|Joan of Wales|
Detail of Joan's sarcophagus in St Mary's and St Nicholas's Church, Beaumaris
|Died||2 February 1237 (aged 45–46)|
|Spouse||Llywelyn the Great|
|Father||John of England|
Joan, Lady of Wales and Lady of Snowdon, also known by her Welsh name of Siwan, (c. 1191–1192 – February 1237) was the illegitimate daughter of King John of England, and was the wife of Llywelyn the Great, Prince of Wales and Gwynedd, effective ruler of most of Wales.
Joan should not be confused with her half-sister, Joan, Queen consort of Scotland.
Little is known about her early life. Her mother's name is known only from Joan's obituary in the Tewkesbury Annals, where she is called "Regina Clementina" (Queen Clemence); there is no evidence that her mother was in fact of royal blood. Joan may have been born in France, and probably spent part of her childhood there, as King John had her brought to the Kingdom of England from Normandy in December 1203, in preparation for a marriage alliance to Prince Llywelyn ap Iorwerth.
Thomas Pennant, in "Tours in Wales", Volume 2, published London, 1810, writes : "It is said that Llewelyn the Great had near this place [Trefriw] a palace; ... The church of Trefriw was originally built by Llewelyn, for the ease of his princess, who before was obliged to go on foot to Llanrhychwyn, a long walk among the mountains."
Joan was betrothed to Llywelyn the Great in 1204, and the marriage is thought to have taken place in 1205, although some of the annals of the abbey of St Werburgh in Chester say that it occurred in 1204. She and Llywelyn had at least two children together:
Some of Llywelyn's other recorded children may also have been Joan's:
Joan often mediated between her husband and her father. According to Brut y Tywysogion (The chronicle of the princes), when John was successfully campaigning in North Wales, "Llywelyn, being unable to suffer the king's rage, sent his wife, the king's daughter, to him, by the counsel of his leading men, to seek to make peace with the king on whatever terms he could."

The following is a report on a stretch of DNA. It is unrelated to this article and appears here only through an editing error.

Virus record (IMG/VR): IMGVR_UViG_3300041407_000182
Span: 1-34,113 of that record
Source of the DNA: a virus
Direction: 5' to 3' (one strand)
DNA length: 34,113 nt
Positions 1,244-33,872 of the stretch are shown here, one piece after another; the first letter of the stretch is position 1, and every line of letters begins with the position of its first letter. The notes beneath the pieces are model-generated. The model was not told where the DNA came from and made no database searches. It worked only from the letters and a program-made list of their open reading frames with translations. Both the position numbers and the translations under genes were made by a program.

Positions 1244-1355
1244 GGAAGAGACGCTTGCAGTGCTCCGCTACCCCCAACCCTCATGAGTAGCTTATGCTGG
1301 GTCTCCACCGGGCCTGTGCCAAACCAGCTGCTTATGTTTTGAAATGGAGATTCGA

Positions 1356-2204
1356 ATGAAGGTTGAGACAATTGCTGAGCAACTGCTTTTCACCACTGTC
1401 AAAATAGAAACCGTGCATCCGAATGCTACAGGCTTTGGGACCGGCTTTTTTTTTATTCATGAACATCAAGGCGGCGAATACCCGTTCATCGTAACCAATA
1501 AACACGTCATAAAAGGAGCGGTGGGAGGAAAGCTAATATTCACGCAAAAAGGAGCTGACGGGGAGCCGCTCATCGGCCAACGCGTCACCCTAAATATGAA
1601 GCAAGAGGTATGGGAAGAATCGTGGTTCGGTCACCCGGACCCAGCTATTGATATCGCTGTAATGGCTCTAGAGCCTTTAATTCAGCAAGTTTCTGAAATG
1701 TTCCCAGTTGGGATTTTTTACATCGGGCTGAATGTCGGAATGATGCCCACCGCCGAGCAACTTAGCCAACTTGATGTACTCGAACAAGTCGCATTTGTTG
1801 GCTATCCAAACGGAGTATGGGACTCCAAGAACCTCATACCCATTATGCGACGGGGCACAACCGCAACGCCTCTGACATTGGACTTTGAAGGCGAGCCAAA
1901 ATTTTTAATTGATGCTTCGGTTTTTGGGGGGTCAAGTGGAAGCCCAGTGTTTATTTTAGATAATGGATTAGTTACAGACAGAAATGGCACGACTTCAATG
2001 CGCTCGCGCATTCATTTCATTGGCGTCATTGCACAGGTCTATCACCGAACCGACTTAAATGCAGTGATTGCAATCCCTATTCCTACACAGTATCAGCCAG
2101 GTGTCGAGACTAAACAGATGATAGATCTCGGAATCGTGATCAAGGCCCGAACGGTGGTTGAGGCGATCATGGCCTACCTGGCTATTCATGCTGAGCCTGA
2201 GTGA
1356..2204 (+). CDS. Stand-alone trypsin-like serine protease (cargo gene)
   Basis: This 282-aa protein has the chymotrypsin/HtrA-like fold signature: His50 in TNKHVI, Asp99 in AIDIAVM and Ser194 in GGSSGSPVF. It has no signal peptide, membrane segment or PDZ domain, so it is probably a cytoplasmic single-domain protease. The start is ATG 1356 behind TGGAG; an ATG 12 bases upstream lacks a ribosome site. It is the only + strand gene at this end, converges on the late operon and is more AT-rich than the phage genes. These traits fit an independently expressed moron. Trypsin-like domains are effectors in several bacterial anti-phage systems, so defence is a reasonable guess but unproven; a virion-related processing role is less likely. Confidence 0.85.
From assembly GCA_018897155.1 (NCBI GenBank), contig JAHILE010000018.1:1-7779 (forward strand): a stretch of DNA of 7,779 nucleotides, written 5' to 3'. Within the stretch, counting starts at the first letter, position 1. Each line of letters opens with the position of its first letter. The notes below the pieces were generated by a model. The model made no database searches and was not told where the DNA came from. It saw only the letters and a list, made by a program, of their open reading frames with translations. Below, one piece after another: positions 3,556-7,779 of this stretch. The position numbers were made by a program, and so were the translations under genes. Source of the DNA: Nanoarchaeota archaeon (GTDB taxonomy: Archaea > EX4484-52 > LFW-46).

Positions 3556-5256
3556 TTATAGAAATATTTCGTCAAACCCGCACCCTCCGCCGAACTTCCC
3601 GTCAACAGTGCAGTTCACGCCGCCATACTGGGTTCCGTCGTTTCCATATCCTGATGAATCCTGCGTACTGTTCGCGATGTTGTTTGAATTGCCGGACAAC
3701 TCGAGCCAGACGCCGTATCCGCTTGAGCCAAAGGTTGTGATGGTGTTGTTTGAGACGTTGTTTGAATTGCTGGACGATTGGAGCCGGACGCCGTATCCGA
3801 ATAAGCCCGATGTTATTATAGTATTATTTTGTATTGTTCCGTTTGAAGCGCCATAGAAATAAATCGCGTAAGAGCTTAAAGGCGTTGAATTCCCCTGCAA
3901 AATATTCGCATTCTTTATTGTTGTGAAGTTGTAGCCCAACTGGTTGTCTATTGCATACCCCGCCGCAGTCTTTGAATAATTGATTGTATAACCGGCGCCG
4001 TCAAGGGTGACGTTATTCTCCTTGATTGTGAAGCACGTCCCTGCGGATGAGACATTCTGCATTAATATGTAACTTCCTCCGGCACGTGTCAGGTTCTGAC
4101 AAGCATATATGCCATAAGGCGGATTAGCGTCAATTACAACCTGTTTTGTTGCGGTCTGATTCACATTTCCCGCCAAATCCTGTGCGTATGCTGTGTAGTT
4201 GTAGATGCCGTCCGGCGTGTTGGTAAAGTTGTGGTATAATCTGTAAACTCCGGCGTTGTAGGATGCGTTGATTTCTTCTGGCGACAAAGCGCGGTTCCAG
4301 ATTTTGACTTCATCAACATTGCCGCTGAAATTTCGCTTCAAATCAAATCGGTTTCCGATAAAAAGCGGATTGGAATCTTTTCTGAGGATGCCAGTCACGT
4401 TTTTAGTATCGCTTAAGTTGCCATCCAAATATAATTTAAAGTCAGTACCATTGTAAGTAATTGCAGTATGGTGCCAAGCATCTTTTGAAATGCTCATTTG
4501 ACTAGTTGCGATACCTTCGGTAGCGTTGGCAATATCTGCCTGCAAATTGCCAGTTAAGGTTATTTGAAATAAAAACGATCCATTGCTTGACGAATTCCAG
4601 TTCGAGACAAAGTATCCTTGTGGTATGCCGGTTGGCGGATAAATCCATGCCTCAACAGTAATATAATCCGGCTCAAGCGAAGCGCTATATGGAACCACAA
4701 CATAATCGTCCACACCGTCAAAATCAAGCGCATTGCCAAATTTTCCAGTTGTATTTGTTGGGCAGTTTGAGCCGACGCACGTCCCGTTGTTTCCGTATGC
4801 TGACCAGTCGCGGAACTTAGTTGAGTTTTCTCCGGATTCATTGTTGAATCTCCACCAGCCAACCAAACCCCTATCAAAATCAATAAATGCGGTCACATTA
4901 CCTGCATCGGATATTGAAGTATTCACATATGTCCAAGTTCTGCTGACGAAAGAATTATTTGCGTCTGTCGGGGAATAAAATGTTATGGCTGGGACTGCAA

In April 1226 Joan obtained a papal decree from Pope Honorius III, declaring her legitimate on the basis that her parents had not been married to others at the time of her birth, but without giving her a claim to the English throne.
At Easter 1230, William de Braose, who was Llywelyn's prisoner at the time, was discovered with Joan in Llywelyn's bedchamber. William de Braose was hanged on 2 May 1230, according to local folklore at Abergwyngregyn; the place was known as Gwern y Grog. A letter from Nicholas, Abbot of Vaudy, suggests that the execution took place at Crogen near Bala (crogi means to hang).
Joan was placed under house arrest for twelve months after the incident. She was then, according to the Chronicle of Chester, forgiven by Llywelyn and restored to favour. She may have given birth to a daughter early in 1231.
Joan was never called Princess of Wales, but in Welsh "Lady of Wales".
Joan died at the royal home at Abergwyngregyn, on the north coast of Gwynedd, in 1237. Llywelyn's great grief at her death is recorded; he founded a Franciscan friary in her honour on the seashore at Llanfaes, opposite the royal residence. This was consecrated in 1240, shortly before Llywelyn died. It was destroyed in 1537 by Henry VIII of England during the Dissolution of the Monasteries. A stone coffin originally identified as Joan's can be seen in St Mary's and St Nicholas's parish church, Beaumaris, Anglesey. Above the empty coffin is a slate panel inscribed: "This plain sarcophagus, (once dignified as having contained the remains of Joan, daughter of King John, and consort of Llewelyn ap Iorwerth, Prince of North Wales, who died in the year 1237), having been conveyed from the Friary of Llanfaes, and alas, used for many years as a horsewatering trough, was rescued from such an indignity and placed here for preservation as well as to excite serious meditation on the transitory nature of all sublunary distinctions. By Thomas James Warren Bulkeley, Viscount Bulkeley, Oct 1808"
In recent years doubt has been cast on the identity of the woman shown on the coffin lid, which is not thought to belong to the coffin on which it rests. Experts have suggested the costume and style of carving belong to a much later decade than the 1230s when Joan died, although the coronet would indicate a member of the royal family. Eleanor de Montfort is thought the likeliest alternative.